We were never allowed in Ma's kitchen just to get warm between chores on cold, winter days, but the basement was a really warm and cozy place, with the big wood furnace going. That's where we split up some of the stumps and wood that wouldn't go in through the furnace door, too. (There was quite a bit of open space between the stairs and the furnace then, before we built in the closet and cabinets. [17.124-6]

During my teen years, after I quit school, I always had some project going down there on cold days, like building sleds and bird houses, etc. [17.124-7]

When the weather was fit to be outside, we kept busy splitting stumps with mauls and wedges and going through the woods with a team and bob-sleigh picking up or cutting dead trees to be sawed and split for the kitchen stove. In the furnace we mostly burned stumps that had been dug out or blasted in clearing land. (We always looked down on the farmers who spent their afternoons in town, sitting around the restaurant or standing around in the Equity.) [17.125-1]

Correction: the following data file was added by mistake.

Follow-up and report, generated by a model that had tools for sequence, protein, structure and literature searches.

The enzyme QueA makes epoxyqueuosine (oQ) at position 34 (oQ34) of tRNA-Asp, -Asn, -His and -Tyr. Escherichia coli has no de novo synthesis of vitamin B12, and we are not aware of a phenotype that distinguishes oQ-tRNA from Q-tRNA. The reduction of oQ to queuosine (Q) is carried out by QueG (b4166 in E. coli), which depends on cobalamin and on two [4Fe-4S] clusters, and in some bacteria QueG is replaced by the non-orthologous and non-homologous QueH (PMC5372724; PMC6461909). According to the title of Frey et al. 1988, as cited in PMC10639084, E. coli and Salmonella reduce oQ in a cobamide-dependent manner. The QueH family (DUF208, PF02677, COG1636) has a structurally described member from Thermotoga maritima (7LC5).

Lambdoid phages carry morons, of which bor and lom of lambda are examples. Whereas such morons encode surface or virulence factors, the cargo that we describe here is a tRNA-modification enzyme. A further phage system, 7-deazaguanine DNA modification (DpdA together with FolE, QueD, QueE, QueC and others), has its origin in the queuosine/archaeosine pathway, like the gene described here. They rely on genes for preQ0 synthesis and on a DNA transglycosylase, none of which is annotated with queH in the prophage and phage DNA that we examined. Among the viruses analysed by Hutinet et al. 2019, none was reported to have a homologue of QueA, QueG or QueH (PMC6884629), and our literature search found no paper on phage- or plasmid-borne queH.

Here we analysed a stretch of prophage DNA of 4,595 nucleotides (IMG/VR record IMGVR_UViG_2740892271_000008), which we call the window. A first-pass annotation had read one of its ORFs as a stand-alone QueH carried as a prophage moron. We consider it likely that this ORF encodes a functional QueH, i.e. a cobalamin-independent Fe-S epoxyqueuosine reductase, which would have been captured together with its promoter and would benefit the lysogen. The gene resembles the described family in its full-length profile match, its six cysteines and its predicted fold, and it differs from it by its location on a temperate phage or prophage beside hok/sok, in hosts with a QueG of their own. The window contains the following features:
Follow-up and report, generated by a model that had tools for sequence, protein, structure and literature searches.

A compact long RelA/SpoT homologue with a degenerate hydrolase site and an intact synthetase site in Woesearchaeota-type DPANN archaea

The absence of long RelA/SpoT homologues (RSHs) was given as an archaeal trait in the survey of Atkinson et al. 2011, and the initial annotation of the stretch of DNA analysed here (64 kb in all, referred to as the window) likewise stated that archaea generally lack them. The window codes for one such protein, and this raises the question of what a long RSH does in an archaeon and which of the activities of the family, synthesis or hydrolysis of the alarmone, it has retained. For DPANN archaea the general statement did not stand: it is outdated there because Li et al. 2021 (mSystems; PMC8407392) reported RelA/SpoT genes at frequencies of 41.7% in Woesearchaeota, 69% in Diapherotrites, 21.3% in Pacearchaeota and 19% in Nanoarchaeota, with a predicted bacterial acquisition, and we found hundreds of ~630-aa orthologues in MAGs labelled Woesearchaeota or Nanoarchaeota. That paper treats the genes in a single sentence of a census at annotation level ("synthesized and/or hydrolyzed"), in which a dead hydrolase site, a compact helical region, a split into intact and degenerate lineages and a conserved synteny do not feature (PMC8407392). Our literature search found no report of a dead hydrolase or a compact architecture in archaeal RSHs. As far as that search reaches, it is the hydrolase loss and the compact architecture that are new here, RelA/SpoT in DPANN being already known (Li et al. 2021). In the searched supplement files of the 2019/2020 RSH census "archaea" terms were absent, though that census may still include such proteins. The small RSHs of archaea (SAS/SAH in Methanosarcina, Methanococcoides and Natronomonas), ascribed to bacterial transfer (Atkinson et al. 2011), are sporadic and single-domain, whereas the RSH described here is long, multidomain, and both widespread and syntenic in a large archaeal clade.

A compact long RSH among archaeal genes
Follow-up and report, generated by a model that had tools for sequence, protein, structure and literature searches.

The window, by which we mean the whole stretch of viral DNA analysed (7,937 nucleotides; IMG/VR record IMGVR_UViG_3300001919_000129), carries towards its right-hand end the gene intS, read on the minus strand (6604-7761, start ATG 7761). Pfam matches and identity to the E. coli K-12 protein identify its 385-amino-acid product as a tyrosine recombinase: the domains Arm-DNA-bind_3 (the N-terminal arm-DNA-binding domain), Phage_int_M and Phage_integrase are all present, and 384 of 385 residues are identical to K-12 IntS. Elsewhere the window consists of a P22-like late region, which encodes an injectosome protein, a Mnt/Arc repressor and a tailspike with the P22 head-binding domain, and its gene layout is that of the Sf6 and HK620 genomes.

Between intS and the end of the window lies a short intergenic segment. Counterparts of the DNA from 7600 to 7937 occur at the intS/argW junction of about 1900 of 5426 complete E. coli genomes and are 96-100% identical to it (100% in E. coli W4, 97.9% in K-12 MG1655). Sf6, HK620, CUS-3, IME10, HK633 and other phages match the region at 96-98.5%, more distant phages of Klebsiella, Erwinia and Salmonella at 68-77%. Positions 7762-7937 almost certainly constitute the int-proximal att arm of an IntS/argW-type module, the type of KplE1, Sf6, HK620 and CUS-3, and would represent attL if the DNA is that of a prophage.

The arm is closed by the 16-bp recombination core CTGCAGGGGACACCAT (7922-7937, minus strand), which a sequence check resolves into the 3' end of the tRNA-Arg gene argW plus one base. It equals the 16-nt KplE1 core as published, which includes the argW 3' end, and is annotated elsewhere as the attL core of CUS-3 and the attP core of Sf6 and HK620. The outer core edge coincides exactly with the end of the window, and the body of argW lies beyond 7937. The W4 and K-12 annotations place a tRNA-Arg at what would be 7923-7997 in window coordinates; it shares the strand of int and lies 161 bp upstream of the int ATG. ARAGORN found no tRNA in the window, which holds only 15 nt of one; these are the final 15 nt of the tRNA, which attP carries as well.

We sent to Wards for a pair of "quarter-sawed, seven-foot ash skis" for $4.75. (We still have them, too.) I only had toe straps, but I made a ski jump out of snow on the hill that is in the north yard now and got so I could go off a three-foot (or higher) jump wearing four-buckle overshoes and just the toe straps. I felt like I was made of rubber and never thought of such a thing as getting hurt, no matter what I fell off -- skis or bucking horses, or anything. [17.125-2]